Earlier in the newscast, we reported that the Belize Healthcare Partners had decided to rehire its only certified nurse, Maria Ack, who had resigned from her job in December, claiming that the conditions did not adequately provide for proper treatment to the kidney patients. Dialysis treatment is costly and prohibitive to many of the patients that require it. The government is paying for at least some twenty patients, but there are others who are not getting government assistance. Channel Five’s William Neal got a firsthand look at how the treatment is administered and how the patients endure the rigorous regimen.

Dr. Daniel Godinez, Internist
“Dialysis just a procedure in which we try to remove through that procedure, many toxins that your body produces. In normal conditions, these toxins are removed by your kidney. But if for any reason your kidney fails or is not working properly, these toxins can accumulate in your body. So they have to be removed somehow and so this is the idea of the dialysis; to remove these toxins. Unfortunately, dialysis is a very good procedure to remove toxins, but it is not a very curative type of procedure. It just keeps you going. Since everyday you live you continue producing toxins, eventually you will find yourself in a position where you have to do these procedures repeatedly; over and over. The reason for that is that most patients who need this procedure, have an irreversible damage to the kidney. That is to say that the kidneys have been damaged or injured by something that caused a scarring, which is essentially irreversible.”

“By the way, the two most common causes worldwide of this condition, which is chronic renal failure, are diabetes and high blood pressure. For an average sized person, we end up realizing that the person will need about three dialysis a week to keep going, to keep substituting the function the kidney normally would do. The only thing we need for the patient is to have an access to a blood vessel somewhere from which we could move blood from the patient into the machine. The machine passes it through the filter and then it sends it back to the patient again.”

William Neal
“How long does the entire process itself take?”

Dr. Daniel Godinez
“At an average, about three hours. That’s the average time. Some patients may need a little bit less than that or a little bit more depending on their particular needs.”

William Neal
“Are there any dangers with this kind of a—because it’s actually taking the blood out?”

Dr. Daniel Godinez
“Unfortunately, yes. There are many, many complications that can happen with dialysis. Most of them can be avoided by doing it carefully. For example, one of the problem we have is that you are essentially exposing blood and entering the blood stream, the risk of infection is always there. So they have to do a very clean and sterile procedure to prevent infection. That’s the first thing. Secondly, some patients may bleed during the procedure because we use substances to prevent clogging since the blood going into the plastic tubes can cause clogs very easy. So you have to use anticoagulants to prevent that, but at the same time you increase the risk of bleeding in the patient. Finally, the reason we can do that with this particular patient is because he has a little plastic device inserted into his blood vessels under the skin. That’s called a fistula. That is the area that we access every time to extract the blood and send it back to the patient. But also that can get infected and those infections, usually when they happen they are serious infections.”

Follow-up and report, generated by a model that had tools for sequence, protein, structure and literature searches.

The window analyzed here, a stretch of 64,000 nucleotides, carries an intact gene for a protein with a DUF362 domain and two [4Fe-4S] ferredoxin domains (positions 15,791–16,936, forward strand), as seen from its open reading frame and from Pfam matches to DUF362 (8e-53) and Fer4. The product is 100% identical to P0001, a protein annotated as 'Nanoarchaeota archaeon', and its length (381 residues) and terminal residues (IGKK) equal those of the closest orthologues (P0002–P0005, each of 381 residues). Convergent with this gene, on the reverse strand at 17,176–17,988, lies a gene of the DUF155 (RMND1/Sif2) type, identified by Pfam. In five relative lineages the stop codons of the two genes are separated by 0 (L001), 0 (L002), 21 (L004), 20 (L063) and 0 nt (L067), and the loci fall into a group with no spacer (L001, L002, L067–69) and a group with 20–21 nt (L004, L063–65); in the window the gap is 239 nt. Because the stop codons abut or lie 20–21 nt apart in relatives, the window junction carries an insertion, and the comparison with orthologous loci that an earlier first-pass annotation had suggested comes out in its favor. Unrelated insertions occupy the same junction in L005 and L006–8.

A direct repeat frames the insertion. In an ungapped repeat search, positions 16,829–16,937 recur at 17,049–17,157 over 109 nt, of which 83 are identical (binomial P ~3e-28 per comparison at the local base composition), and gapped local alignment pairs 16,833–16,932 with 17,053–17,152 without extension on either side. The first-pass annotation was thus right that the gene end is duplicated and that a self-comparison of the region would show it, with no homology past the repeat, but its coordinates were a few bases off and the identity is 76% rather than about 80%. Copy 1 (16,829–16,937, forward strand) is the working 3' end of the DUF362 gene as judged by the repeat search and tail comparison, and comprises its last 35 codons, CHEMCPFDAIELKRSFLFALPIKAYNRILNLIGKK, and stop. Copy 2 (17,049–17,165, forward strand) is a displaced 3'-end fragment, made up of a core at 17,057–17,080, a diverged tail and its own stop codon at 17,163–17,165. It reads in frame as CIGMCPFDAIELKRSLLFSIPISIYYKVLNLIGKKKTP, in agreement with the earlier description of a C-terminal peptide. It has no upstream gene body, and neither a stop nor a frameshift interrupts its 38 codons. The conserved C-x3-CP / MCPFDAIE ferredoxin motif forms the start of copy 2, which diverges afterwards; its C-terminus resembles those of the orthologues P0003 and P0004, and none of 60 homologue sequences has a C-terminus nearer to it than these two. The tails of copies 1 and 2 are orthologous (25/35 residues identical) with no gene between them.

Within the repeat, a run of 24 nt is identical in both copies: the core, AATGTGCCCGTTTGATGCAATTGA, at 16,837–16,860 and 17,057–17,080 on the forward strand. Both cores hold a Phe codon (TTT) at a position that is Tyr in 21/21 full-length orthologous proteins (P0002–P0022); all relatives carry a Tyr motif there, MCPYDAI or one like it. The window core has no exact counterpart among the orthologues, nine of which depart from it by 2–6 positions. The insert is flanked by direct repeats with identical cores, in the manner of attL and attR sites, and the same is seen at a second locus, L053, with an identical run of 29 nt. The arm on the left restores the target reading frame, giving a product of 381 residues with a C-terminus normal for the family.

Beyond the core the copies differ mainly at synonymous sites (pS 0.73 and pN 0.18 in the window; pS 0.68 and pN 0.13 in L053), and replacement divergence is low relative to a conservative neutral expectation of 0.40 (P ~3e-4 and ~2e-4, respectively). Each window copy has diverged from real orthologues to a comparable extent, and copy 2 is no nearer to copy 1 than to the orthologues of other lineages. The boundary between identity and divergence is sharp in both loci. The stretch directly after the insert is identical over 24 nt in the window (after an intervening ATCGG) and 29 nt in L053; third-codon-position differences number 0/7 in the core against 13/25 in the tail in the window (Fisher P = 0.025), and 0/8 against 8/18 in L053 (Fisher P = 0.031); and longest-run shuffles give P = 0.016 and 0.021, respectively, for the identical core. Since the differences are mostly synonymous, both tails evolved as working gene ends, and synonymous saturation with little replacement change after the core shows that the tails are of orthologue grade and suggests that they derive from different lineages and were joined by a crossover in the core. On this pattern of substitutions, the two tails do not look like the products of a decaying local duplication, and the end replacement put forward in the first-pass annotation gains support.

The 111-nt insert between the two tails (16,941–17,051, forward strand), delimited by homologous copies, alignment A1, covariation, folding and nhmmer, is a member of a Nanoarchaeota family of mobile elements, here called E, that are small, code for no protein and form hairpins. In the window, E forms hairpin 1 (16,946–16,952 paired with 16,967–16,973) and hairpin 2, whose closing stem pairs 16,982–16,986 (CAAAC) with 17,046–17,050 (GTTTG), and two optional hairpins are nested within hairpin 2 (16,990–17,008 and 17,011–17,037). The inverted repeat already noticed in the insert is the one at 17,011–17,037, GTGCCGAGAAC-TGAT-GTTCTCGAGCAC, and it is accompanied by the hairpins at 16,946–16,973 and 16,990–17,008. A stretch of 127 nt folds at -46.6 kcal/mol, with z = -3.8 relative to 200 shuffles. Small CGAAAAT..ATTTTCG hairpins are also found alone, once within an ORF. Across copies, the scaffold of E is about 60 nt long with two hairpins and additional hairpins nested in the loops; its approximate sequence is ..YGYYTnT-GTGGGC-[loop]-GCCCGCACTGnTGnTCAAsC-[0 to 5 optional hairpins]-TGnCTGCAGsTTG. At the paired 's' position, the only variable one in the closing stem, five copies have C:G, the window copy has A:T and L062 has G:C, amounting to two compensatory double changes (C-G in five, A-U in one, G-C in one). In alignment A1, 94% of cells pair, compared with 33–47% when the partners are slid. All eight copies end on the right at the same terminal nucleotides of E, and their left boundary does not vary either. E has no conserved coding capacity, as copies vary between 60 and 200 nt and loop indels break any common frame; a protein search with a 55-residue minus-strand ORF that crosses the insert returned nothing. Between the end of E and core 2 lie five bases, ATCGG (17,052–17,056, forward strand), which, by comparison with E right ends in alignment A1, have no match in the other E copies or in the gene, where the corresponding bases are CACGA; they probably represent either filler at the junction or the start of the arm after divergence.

“If dialysis is well done and they are done in regular paces, we have patients who have gone fifteen or twenty years on dialysis. One of the disadvantages is that the patient has to keep coming to a center where this machine is available so that the patient can keep doing this procedure. So in that sense, the quality of life of the patient is kind of limited because the patient has to be kind of attached to the machine or living closed by to a place where the machine is available. Basically, it will be monitoring several things. One of them is the speed in which the blood will pass through the machine coming from the patient and then going back to them. Also it will calibrate or control the speed in which the flow in is going through that filter. Also you will see that it will keep track of the blood pressure of the patient as well as the pressure in the veins to make sure that system won’t overload and also to make sure that the patient won’t be suffering an excessive amount of removal of blood.”

William Neal
“Is it a very difficult procedure to adjust to? What are some of the challenges?”

Louis Tingling, Dialysis Patient
“It’s very depressing. For me at first really, really hard. I couldn’t cope with it; I just basically di try deal wid it. It’s painful, yoh can’t sleep, yoh lose weight, yoh noh eat; wah whole lotta thing to it. Ih affect yoh work, mentally, yoh physical means just basically change. Dah wah really hard situation, really, really, hard.”

Dr. Daniel Godinez
“Ideally, the best thing would be that we would have to educate the population to prevent these things from happening and we will have to educate them so that they can take good control of diabetes and hypertension. So a center like this is important to save a small population, but remember that this is a procedure relatively expensive, that it is not curative and that it has its risk and so in truth, the bets would be to prevent the patient from reaching this point.”

Channel 5